Microtransactions have always been a controversial part of modern gaming, but the aggressive type found within Star Wars Battlefront II was the straw that finally broke the camel’s back. A large amount of potential buyers refused to get the game outright after seeing the microtransaction systems, and almost everyone unanimously pressured EA (Electronic Arts) to remove them entirely.
EA removed the ability to buy loot boxes with money right before the launch of Battlefront II, but damage was already done to the title’s reputation. As a result, the game missed expected sales estimates by a large margin. Governments took notice of the controversy, and began to take a look at whether microtransactions should be considered gambling and regulated as such. All of this hurt EA and Battlefront II, and it only made matters worse when EA said the removal of the loot box buying was only temporary.
There was hope when EA said that the microtransactions may not return, and it seemed like they might have learned their lesson. Alas, though, EA recently announced that these systems would be integrated into Battlefront II once more, and it’s starting to feel like the people behind this game don’t care about the players at all.
The fact that EA is putting these systems back into their game is astonishing. I can’t think of one good reason why they would do so. If they did it in order to squeeze more money out of the current fanbase, then EA ironically has misunderstood why their game did so poorly in the first place. Of course, it’s possible that they clearly understand why we don’t like their microtransactions, and simply have waited for the controversy to die down to try and get away with it.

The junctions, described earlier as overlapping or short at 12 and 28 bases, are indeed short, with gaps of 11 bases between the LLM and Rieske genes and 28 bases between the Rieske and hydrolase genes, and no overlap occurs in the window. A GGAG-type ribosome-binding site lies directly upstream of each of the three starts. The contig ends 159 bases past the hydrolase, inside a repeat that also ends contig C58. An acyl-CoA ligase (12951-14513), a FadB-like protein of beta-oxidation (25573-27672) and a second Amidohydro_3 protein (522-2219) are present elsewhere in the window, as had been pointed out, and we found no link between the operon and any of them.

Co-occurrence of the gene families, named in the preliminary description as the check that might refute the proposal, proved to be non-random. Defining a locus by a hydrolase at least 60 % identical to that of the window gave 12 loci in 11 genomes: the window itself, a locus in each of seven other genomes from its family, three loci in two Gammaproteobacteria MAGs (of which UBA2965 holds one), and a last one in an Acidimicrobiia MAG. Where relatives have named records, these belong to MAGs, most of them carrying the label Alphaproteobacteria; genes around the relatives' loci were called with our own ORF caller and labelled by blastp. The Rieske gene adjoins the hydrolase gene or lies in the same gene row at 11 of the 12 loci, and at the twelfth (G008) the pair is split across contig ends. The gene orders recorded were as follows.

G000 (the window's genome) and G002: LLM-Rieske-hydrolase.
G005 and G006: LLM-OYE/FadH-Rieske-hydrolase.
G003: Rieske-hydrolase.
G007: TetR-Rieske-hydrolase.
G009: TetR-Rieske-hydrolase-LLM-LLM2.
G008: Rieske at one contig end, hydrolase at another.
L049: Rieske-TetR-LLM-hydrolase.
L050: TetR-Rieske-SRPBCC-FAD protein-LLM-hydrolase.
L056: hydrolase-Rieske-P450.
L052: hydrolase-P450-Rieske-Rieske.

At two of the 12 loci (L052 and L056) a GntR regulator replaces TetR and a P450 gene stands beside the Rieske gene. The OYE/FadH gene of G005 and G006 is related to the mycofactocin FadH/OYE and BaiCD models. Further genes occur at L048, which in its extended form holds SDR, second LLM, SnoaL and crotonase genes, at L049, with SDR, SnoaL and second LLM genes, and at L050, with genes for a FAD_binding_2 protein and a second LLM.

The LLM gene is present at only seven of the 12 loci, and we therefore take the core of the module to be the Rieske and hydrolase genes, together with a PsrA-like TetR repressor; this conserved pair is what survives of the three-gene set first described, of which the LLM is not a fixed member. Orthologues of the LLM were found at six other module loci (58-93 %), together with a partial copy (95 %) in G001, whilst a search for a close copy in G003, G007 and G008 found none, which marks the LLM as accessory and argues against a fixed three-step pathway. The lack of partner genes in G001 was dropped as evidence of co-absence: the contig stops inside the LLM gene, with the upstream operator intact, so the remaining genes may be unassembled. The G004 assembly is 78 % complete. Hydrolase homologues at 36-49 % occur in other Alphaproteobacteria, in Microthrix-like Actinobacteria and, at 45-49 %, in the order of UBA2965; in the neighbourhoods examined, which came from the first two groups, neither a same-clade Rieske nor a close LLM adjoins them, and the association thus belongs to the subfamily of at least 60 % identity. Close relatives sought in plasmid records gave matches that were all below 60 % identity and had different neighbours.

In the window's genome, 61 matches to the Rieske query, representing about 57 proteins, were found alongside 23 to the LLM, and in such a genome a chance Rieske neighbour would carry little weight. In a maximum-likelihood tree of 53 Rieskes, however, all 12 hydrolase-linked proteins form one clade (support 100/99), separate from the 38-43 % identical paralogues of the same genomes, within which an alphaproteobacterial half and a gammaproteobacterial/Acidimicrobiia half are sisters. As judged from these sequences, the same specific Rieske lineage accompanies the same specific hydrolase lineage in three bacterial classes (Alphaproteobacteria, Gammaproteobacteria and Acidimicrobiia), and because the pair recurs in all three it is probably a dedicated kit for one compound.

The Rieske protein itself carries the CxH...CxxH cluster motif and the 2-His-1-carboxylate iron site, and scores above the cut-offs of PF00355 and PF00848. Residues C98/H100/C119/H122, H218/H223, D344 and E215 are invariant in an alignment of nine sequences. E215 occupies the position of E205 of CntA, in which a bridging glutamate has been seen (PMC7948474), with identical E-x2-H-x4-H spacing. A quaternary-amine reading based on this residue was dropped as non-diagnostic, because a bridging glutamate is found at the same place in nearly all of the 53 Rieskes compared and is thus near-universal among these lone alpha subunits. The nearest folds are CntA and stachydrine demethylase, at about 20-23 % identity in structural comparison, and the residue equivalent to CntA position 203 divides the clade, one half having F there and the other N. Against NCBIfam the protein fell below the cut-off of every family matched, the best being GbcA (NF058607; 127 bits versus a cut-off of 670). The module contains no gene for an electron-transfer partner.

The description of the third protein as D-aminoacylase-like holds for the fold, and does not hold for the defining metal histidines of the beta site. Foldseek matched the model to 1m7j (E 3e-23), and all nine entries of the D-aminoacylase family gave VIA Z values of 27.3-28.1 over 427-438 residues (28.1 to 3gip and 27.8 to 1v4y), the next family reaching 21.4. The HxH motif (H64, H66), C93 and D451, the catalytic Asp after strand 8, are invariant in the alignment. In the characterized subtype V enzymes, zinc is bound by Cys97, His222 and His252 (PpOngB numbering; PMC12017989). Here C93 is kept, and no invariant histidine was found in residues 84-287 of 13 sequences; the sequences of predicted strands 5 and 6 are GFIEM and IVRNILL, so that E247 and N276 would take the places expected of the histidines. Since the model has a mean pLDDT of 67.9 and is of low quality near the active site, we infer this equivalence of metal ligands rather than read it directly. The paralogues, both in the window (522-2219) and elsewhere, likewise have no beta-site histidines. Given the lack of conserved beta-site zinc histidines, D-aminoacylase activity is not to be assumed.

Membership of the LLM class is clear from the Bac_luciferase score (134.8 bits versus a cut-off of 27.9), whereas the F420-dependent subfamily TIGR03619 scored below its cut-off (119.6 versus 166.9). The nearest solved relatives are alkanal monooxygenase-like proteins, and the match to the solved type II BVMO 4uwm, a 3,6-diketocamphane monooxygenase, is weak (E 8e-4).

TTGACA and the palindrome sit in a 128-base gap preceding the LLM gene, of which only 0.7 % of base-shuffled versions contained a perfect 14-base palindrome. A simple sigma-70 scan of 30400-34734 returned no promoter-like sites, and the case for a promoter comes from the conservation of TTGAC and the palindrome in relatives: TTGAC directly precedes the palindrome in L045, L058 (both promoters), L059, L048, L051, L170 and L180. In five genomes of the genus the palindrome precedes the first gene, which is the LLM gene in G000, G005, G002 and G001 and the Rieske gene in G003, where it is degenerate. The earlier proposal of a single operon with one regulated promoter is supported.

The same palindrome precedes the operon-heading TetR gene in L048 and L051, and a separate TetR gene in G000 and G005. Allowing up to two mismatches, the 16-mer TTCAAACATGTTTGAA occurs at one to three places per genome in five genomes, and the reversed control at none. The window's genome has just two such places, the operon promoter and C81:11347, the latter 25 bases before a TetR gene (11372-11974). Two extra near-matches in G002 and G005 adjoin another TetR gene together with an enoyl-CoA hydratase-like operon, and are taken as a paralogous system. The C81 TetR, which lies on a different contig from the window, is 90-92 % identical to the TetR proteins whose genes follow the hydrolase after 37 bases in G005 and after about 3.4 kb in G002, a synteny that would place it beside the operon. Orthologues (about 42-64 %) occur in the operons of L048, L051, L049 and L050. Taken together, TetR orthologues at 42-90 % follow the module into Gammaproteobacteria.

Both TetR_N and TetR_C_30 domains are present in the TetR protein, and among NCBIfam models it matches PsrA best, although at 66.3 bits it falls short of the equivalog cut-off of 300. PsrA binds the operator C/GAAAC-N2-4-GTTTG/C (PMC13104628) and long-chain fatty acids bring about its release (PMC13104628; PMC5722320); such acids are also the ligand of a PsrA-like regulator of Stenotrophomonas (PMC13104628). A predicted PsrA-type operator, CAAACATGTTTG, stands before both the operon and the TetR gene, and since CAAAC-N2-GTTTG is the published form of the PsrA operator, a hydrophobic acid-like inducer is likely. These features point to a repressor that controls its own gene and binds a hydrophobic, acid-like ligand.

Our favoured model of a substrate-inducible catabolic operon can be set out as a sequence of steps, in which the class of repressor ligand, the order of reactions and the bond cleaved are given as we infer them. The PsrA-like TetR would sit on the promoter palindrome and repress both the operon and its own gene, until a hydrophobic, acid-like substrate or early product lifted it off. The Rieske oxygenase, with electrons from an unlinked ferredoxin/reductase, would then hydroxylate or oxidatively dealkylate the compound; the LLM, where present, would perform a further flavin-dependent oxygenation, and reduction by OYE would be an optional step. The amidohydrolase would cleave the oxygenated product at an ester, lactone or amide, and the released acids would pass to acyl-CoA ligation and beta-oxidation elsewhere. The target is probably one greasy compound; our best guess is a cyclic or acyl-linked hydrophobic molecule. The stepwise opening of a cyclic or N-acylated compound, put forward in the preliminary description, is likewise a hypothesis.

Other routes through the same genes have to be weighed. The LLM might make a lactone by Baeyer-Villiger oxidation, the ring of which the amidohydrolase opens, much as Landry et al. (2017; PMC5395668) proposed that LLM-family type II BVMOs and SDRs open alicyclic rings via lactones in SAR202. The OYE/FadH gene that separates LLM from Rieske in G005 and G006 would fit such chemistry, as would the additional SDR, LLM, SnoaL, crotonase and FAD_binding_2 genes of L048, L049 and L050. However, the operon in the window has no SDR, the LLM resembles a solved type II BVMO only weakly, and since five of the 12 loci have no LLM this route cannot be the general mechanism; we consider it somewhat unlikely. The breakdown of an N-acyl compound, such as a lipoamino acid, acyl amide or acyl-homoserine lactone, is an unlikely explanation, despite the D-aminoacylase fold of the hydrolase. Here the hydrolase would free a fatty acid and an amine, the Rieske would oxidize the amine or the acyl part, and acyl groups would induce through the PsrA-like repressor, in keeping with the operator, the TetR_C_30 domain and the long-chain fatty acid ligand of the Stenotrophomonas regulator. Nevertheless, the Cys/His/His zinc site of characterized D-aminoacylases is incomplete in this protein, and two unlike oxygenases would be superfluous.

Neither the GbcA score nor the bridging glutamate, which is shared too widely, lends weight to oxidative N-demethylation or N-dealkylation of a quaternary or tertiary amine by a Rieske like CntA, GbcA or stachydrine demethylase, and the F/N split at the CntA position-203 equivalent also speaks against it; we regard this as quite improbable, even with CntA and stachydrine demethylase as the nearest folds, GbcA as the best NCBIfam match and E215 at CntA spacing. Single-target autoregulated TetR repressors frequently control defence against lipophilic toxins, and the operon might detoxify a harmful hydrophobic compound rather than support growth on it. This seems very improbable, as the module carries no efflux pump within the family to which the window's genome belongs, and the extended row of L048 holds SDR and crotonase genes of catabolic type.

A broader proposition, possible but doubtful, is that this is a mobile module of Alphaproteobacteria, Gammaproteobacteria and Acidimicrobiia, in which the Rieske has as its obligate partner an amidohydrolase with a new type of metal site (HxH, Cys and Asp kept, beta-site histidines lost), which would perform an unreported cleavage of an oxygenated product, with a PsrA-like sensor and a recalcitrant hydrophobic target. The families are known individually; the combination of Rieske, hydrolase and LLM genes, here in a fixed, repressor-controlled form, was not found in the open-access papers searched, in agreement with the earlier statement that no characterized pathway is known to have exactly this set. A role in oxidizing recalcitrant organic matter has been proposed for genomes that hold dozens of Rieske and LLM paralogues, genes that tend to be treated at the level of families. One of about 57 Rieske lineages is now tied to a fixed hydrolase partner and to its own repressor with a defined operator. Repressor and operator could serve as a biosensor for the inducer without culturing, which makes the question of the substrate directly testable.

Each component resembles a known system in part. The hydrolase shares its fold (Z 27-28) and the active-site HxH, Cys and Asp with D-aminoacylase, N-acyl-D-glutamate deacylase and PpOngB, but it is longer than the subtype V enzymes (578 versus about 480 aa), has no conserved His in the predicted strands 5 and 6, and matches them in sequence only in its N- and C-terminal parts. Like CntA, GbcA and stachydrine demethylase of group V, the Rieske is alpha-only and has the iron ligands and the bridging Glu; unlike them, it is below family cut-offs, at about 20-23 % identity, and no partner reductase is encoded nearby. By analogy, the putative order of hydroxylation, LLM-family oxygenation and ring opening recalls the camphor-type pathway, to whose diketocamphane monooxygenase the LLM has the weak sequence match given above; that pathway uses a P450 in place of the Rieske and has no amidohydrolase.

To me, these are the only two sensible reasons why they’re returning to Battlefront II, and the sad reality is that both of them show that there’s a large disconnect between EA and what gamers want from their games. Instead of committing time and resources into creating things that the Battlefront II faithful have been asking for since launch, such as the ability to choose the era you want to play in, they instead prioritize this.
Could this end up being okay?
While any type of microtransaction is bad for a full-price title like Battlefront II, they might not end up being too bad if they are limited to cosmetic items only and are no longer tied to the gameplay progression.
A while back, Reddit users data-mined the files of the PC version of Battlefront II and discovered dozens of different skins for all the classes for each faction. These customization items never made it into the full game, but the fact that they exist and look largely polished makes me think that EA will choose to add them into Battlefront II in the form of microtransactions.
Because skins wouldn’t affect the gameplay, they would have no impact on the core progression system within the game unlike the first iteration of the system. Though I personally believe EA should just give us all of the skins as a gift due to how poorly the development team has listened to the community post-launch, if we have to have microtransactions, I want these to be the kind. Unfortunately, we don’t know yet for sure what kind they’ll be. Only time will tell.
What’s your opinion on the return of microtransactions in Star Wars Battlefront II? Let me know in the comments.
Star Wars Battlefront II is available for $59.99.